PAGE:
The origins of Lucia Migliaccio Duchess of Floridia
Lucia Migliaccio Duchess of Floridia (Syracuse, 18 January 1770 – Naples, 26 April 1826)
Lucia Migliaccio, Sicilian of colors and perfumes, became queen without ever having hoped for it. She was from Syracuse, she was born in 1770, on January 18, to Vincenzo, Duke of Floridia, and Dorotea Borgia of the Marquises of Casale. A family, that of the Migliaccios of Sicily, which had its roots in the fifteenth-century cavalry of the island.
The meeting with the King
He met Ferdinand IV in his first Palermitan exile, when with the arrival of the French in Naples and the birth of the Neapolitan Republic in 1799, the monarchy experienced the first attacks of modern times; she was married to Benedetto Grifeo and Del Bosco, duke of Ciminna and prince of Partanna. They met again in 1806, when the royal family had found refuge in Palermo due to the arrival of Giuseppe Bonaparte in the capital. She and she was a widow. The Bourbons followed the fate of the Kingdom from the island, but the king did not seem to give too much weight to the question if he did not lose any of his lifestyle habits, first of all hunting and then his passion for women. Thus was born, slowly but surely, a love story that proved fatal.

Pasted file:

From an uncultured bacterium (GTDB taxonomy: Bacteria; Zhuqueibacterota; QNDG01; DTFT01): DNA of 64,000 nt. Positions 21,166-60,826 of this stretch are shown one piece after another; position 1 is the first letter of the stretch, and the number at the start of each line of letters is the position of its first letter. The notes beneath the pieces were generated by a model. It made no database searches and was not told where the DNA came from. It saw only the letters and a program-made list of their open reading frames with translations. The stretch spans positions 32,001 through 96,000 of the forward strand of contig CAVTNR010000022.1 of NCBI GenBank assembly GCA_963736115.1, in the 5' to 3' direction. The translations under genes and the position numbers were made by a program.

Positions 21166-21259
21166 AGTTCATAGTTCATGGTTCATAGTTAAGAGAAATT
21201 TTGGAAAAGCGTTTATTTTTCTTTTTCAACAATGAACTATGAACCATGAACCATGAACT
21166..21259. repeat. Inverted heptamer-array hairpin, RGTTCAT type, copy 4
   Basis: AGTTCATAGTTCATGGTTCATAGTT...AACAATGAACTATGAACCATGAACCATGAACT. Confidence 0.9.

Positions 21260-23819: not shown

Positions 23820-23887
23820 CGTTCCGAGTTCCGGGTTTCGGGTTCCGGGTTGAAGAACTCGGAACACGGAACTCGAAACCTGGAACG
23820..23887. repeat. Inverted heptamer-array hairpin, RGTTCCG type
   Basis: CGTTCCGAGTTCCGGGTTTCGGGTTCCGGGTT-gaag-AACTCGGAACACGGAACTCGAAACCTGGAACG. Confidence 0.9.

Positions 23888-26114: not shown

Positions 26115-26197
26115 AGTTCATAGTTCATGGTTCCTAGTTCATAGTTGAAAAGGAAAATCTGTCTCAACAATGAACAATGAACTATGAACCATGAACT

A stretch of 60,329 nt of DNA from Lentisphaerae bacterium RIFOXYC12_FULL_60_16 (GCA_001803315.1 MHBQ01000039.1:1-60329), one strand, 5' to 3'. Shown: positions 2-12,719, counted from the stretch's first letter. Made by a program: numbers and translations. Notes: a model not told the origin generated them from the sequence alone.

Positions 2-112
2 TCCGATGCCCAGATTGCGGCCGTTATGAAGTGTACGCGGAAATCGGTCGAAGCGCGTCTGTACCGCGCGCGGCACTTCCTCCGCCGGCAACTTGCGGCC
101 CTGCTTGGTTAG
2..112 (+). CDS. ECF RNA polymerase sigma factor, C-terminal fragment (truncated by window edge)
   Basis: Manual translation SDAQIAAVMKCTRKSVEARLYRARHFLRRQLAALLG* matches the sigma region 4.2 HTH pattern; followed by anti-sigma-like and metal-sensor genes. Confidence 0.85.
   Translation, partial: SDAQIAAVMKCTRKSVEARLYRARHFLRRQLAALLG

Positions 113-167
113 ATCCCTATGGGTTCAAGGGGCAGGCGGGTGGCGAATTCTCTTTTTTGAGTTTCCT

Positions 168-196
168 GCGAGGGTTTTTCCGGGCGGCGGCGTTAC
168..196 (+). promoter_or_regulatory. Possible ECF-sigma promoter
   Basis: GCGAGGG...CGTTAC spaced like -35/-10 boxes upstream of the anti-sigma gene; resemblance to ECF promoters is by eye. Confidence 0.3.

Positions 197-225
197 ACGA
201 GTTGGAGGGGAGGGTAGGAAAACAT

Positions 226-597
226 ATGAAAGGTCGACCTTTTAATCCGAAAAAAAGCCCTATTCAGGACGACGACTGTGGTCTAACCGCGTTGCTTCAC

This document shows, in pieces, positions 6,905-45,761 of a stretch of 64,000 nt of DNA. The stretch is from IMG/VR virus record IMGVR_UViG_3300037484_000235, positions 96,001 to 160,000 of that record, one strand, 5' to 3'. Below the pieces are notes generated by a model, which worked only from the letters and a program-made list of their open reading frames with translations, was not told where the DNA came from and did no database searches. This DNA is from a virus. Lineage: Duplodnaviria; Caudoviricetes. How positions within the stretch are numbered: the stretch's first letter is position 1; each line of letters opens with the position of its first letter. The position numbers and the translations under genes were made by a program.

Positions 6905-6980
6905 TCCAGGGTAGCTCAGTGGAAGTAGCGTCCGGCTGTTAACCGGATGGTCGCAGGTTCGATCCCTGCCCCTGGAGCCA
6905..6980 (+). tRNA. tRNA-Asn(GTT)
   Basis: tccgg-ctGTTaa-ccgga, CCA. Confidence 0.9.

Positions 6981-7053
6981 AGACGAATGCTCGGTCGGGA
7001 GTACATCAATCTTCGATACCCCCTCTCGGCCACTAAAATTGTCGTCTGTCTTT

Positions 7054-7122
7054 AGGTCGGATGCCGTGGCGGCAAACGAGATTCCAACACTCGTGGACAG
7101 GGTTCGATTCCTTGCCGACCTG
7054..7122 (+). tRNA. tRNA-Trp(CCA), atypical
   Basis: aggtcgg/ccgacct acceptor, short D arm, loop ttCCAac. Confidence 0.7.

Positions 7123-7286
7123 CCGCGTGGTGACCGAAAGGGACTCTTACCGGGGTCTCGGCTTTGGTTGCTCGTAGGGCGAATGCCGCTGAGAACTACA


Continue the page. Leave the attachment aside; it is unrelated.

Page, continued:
The love story with the King
Ferdinand married her in 1814, two months after Maria Carolina’s death. They had chosen themselves this time. No political strategy, no alliance. It was a morganatic wedding. Lucia belonged to a lower-ranking nobility, she could never have aspired to the throne and if children were born from their union they would not have had the right to the dynastic succession, nor to the inheritance of the patrimony. This was not enough to make her loved in the family. Of all the children of Ferdinando and Maria Carolina, the one who most opposed the new marriage was Francesco who never accepted the choice of his father, who never loved Lucia.
Life as a "missed" Queen
In May 1815 Lucia arrived in Naples for the first time. Her minute body, her short step, her Mediterranean being in her colors, in her smile, in her bearing, made her well liked by people who did not see in her someone different from themselves. During the ten years of marriage Ferdinando showered her with endearments and gifts. Not only duchies and jewels but two beautiful residences: the noble palace in Piazza dei Martiri, in the Chiaia district, which has since been called Palazzo Partanna, and the large villa on the hill, in the nascent Vomero district, which also had a zoo and which today , which has become a public park, is called “La Floridiana”.
Ferdinando died, at the age of seventy, on January 4, 1825. The pain that accompanied Lucia’s life from that day on was strong. She was alone now, really. She died seriously ill on April 26, 1826. She was 56 years old. She was buried in the city that saw her happy, in the church of San Ferdinando, a stone’s throw from the royal palace. A neoclassical-style tomb was erected for her, based on a project by Tito Angelini.